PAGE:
Did you know “chronic insomnia is highly prevalent and affects approximately 30% of the general population?” 1
Or, that “approximately 40% of adults with insomnia also have a diagnosable psychiatric disorder – most notably depression?” 2
That “sleep complaints are present in 67-88% of chronic pain disorders?” 3
I was aware of the third statistic, that sleep can be a contributing factor for people living with chronic pain. But why my interest in sleep, generally? I had (mostly) been a good sleeper yet started to experience disruptions to my sleep patterns over the past few years. Along came menopause and similar to many others I found myself in a cycle of wakefulness around 2, 3, 4 in the morning and went looking for solutions.
Last fall, however, something else happened. On a Facebook page I belong to, the subject of sleep was brought up. Well, the lack thereof.
I was curious if it was only menopausal women who were struggling with sleep, so I created a random poll. Within an hour or so, there were hundreds of responses.
- 404 responses
- 74 comments about issues with sleep.
- 224 neither menopausal or perimenopausal
- 95 perimenopausal
- 51 menopausal
- 34 ‘other reasons’
Clearly a problem for many but I was surprised to learn that it wasn’t only my age group challenged by this issue. The poll wasn’t scientific and could just reflect the ages of people in the Facebook group. Yet, wow!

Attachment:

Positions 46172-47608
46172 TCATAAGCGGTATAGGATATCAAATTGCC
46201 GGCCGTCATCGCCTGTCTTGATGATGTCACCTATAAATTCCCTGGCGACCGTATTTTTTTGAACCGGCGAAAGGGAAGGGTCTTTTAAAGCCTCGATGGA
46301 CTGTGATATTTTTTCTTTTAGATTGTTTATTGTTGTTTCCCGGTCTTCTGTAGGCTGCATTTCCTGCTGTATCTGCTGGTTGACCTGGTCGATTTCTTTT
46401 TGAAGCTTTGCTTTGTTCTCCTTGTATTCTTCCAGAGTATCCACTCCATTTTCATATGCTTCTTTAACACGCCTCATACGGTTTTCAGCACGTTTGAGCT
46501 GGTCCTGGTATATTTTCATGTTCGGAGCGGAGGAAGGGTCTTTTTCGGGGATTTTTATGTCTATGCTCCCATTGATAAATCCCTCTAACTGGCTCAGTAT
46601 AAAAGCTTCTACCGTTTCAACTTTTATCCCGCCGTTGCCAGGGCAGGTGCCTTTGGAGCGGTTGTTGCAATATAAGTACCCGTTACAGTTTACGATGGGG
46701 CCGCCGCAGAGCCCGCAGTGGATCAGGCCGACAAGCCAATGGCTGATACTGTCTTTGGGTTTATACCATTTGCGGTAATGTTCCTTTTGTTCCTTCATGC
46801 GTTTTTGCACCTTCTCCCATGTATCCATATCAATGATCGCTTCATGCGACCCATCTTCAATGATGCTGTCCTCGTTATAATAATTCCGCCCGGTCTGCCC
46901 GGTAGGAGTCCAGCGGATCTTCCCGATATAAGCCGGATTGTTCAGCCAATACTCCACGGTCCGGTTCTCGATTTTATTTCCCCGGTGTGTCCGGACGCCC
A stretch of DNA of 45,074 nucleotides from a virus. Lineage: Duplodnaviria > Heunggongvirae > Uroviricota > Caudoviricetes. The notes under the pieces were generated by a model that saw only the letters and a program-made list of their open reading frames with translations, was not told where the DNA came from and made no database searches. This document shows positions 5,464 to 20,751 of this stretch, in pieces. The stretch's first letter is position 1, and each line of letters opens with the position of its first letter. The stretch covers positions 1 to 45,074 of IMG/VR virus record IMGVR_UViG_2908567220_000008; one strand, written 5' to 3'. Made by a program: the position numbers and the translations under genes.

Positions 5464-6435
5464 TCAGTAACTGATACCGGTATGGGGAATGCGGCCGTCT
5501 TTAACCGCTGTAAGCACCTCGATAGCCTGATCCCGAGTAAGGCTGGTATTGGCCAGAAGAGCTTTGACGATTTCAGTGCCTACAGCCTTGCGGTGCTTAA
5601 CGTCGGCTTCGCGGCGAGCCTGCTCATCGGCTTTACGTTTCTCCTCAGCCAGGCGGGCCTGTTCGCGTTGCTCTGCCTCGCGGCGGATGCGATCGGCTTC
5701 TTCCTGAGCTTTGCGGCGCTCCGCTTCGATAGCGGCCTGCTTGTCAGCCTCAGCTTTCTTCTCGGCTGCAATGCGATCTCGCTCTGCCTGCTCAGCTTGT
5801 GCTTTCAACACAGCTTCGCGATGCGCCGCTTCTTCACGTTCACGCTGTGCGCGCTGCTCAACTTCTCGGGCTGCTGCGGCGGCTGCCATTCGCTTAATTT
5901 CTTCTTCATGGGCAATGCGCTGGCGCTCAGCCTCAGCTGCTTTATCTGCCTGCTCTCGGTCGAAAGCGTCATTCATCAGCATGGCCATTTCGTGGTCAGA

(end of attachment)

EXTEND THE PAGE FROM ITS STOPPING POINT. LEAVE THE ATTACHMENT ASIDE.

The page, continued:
Of course people will at times need specific diagnosis, treatment and care from healthcare professionals. Yet, digging into some of the research and after some of the behavioral or environmental factors are addressed with general sleep hygiene information, a lot of what affects sleep has to do with stress and the nervous system (and other systems… circadian, homeostasis, etc.). Which you can learn to influence and modulate.
Would you be interested in exploring this thing called sleep? Safely, gently, with compassion and care you’ll get to experience and learn what might be helpful for you. In your own home, cozy in your pajamas … having some time and space to do so.
A 4-week workshop Rest & Restore: Strategies for Sleep starts Feb 16th!
What are the many factors or contributors that affect sleep? What does the research tell us? What can you do during the day, that will affect your sleep at night? What can you do when waking up from sleep? How might you find some rest in the day, if your sleep wasn’t that great?
If you’d like to join in, registration is now open.
I’ve tried to make it affordable at just $20 each week. If finances are really tight, reach out to me at firstname.lastname@example.org. If finances are plentiful, please reach out as well and look to sponsor someone else.
I’d love for you to join in. Experience and learn what might can be helpful, for you.
1. Roth T. Insomnia: definition, prevalence, etiology, and consequences. J Clin Sleep Med. 2007;3(5 Suppl):S7-S10.
2. Roth T. Insomnia: definition, prevalence, etiology, and consequences. J Clin Sleep Med. 2007;3(5 Suppl):S7-S10.
3. Finan PH, Goodin BR, Smith MT. The association of sleep and pain: an update and a path forward. J Pain. 2013;14(12):1539-1552. doi:10.1016/j.jpain.2013.08.007